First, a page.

And in London, ACORN managed to reclaim £7,750 for one household in Dalston:
£7750 VICTORY FOR ACORN HACKNEY MEMBERS!
ACORN member El and her flatmates were faced with a bedbug-infested flat in Dalston. Not only had they been paying rent for these unacceptable living conditions, they had also been forced to pay for fumigation.
— ACORN Hackney (@AcornHackney) December 5, 2022
ACORN Hackney said that it presented the tenants’ demands to their landlord – and the landlord paid out £7,750 to cover rent, deposit and fumigation costs. Similar actions by ACORN around the country have resulted in victory.
As we have seen, collective action can force landlords to act more decently. But it’s not likely that these actions will give landlords better morals. So, we need laws to prevent rental prices from escalating even further. Bristol ACORN said:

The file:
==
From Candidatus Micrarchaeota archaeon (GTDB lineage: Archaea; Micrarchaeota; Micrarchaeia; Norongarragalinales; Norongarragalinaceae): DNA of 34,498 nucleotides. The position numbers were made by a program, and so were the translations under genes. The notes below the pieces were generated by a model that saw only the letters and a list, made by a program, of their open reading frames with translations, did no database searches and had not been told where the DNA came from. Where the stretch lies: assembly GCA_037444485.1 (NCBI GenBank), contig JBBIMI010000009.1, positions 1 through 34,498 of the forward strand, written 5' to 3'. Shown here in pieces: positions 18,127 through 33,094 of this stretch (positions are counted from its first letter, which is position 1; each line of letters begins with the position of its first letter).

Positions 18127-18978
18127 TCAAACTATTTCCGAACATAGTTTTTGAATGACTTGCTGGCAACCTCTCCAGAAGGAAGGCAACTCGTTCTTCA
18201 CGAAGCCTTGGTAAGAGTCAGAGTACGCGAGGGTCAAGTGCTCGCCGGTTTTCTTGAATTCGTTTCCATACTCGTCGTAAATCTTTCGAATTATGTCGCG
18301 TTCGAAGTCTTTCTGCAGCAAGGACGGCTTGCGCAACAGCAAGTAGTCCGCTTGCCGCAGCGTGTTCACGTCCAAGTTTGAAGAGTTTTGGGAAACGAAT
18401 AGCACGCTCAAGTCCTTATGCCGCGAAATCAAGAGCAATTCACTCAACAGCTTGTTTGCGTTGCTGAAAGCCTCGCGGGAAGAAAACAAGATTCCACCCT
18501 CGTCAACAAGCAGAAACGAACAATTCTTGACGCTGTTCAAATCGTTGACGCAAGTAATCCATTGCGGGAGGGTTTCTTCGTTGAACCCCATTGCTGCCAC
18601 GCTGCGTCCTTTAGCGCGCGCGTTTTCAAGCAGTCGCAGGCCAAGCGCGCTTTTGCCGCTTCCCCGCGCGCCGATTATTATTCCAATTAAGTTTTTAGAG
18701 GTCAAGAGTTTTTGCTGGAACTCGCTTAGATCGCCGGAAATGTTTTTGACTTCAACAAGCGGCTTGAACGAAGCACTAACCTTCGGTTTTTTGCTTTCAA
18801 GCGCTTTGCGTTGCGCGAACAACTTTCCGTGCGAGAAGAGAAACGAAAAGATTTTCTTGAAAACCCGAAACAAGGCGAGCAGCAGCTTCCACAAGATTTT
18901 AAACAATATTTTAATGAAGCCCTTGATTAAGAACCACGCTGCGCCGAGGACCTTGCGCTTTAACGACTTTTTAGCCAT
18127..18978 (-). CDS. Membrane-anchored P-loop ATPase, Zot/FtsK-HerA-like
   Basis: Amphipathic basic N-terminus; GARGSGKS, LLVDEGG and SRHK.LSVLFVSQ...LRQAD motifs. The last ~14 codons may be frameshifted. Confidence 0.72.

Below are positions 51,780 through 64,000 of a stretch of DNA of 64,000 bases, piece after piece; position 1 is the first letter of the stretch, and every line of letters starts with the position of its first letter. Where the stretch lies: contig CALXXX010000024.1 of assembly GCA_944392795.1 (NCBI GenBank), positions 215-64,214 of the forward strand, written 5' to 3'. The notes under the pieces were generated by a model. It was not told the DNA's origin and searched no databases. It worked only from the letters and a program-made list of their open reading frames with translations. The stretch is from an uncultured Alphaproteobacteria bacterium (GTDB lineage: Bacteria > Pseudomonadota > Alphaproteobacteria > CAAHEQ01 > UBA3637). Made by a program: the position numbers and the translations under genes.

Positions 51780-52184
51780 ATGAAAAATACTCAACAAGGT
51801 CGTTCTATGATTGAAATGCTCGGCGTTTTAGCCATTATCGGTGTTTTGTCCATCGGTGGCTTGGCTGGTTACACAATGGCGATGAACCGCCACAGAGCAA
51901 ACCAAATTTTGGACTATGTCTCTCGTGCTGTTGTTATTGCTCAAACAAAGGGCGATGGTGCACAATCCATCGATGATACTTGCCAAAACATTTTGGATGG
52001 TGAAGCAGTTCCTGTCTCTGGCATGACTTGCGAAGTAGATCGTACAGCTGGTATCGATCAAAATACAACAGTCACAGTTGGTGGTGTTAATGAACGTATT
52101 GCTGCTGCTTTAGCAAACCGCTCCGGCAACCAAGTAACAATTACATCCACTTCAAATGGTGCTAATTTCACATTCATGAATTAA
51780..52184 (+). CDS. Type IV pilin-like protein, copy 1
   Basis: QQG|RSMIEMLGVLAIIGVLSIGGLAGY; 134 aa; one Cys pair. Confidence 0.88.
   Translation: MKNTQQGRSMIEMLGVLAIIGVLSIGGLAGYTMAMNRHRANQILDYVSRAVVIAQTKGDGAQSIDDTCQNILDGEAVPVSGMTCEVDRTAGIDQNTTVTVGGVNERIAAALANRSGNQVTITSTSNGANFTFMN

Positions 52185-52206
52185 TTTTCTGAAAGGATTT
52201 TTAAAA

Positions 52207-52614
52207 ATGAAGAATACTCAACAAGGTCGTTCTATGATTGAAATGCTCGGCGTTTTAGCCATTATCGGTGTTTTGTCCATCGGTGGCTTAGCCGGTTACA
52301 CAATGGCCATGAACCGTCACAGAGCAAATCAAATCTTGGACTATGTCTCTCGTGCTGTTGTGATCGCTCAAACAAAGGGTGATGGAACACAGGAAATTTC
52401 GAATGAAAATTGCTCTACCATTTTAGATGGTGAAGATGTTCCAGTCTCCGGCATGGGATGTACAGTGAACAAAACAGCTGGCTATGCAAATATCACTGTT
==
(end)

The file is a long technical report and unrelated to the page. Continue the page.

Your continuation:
After pressure from ACORN, Bristol City Council has recently called on the government to grant it powers to introduce rent controls.
This would restrict the amount of rent that landlords could charge tenants. Moreover, renters organisations from across England have written a manifesto. It calls for, among other things, an end to Section 21 (no fault) evictions, and for:
Rent controls which bring down rents to 30% of local income.
The manifesto says:
One in four private renters in England lives in poverty. Over half of the families with children living in private rented accommodation are below the poverty line. We need rent controls that bring rents down to 30% of median local income, following the accepted yardstick of affordability. Rent controls should be introduced incrementally, to prevent negative consequences for current tenants, and should be accompanied by a massive increase in public housebuilding.
In the meantime, if you’re struggling to pay your rent, team up with people like you and take action against money-grabbing rogue landlords.
Featured image via Acorn